I actually think Spike is good storytelling, as for the rest, apart from break up songs, when he was actually involved in a break up, I don't personally rate Phil's lyrics very high. I don't doubt the sincerity of his intentions, he is a father himself, Clapton is his friend, so he it must have been quite the shock and I am sure he meant it. I simply don't believe that he, as a writer, has the depth to address a subject like that.


Interesting. So how do you rate a song like Please Don't Ask? Did you get to hear Phil talk about it on the Face Value Classic Albums documentary? After watching that segment, I would be inclined to completely disagree with your statement about Phil having the depth to address a subject about loss.
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xx Re: Since I Lost You
« Reply #38 on: Nov 9th, 2017, 06:44am »

on Nov 9th, 2017, 06:21am, HomeByTheSea wrote:
Interesting. So how do you rate a song like Please Don't Ask? Did you get to hear Phil talk about it on the Face Value Classic Albums documentary? After watching that segment, I would be inclined to completely disagree with your statement about Phil having the depth to address a subject about loss.

If you read carefully my post, I talked specifically about breakup songs, when he was actually involved in a breakup. In another thread about Duke, I described PDA as poignant and there are several songs he wrote on the subject which I personally find spot on: You Know What I Mean is another one and I am sure that going through his songbook, I would find other examples.
I think, I hope actually, there is no need to argue over the fact that losing somebody to death is not tantamount to breaking up with someone, divorcing, separating whatever, particularly when that loss is caused by an accident and particularly when it is about a child, a son.
I am told death is quite final, problems of the heart not so much. It is really not the same kind of loss, isn't it?
I think this is the main misunderstanding throughout this thread: the inability to acknowledge the difference between an unfortunate, sad situation and a real tragedy and the urge some fans feel to run in defense of their artist.
We all, I guess, are often at loss for words when facing those situations and there is no shame in it. So, yes, I truly don't believe that Phil, because of the kind of writer he is has it in him to tackle this subject, I am sorry you believe I am belittling him as an artist for this, it is not my intention. I am sure he though he had something of value there. I simply don't think he did. Again, I have to be redundant but the point seems to be lost on someone: If you can mistake a song about the death of child for yet another generic love song and virtually everybody did, something is not quite right.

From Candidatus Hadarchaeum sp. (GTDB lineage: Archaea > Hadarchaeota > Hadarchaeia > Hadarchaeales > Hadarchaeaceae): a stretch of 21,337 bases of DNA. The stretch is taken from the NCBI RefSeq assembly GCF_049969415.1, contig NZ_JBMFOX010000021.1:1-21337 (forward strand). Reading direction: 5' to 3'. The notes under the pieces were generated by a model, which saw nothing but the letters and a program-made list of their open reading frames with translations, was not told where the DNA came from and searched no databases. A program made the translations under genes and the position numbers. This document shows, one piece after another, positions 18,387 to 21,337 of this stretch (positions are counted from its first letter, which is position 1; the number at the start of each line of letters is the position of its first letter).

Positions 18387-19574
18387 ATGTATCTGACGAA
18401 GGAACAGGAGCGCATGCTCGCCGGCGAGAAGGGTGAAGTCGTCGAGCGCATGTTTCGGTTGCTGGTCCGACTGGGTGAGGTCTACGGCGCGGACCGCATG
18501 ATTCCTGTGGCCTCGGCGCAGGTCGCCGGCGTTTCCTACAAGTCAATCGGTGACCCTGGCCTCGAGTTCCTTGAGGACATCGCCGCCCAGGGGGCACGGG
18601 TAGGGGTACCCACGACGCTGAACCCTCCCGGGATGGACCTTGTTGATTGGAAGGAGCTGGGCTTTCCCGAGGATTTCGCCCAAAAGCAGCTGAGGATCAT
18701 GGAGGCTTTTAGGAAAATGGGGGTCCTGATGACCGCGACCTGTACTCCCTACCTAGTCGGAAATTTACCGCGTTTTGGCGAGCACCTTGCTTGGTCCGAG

« Last Edit: Nov 9th, 2017, 06:48am by Fabrizio » User IP Logged

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xx Re: Since I Lost You
« Reply #39 on: Nov 9th, 2017, 07:37am »

on Nov 9th, 2017, 06:44am, Fabrizio wrote:
If you read carefully my post, I talked specifically about breakup songs, when he was actually involved in a breakup. In another thread about Duke, I described PDA as poignant and there are several songs he wrote on the subject which I personally find spot on: You Know What I Mean is another one and I am sure that going through his songbook, I would find other examples.


Yeah, I guess having read that thread on Duke might have shed some more light for you thoughts on that. I did read and understand your point on breakup songs.

on Nov 9th, 2017, 06:44am, Fabrizio wrote:
I think, I hope actually, there is no need to argue over the fact that losing somebody to death is not tantamount to breaking up with someone, divorcing, separating whatever, particularly when that loss is caused by an accident and particularly when it is about a child, a son.
I am told death is quite final, problems of the heart not so much. It is really not the same kind of loss, isn't it?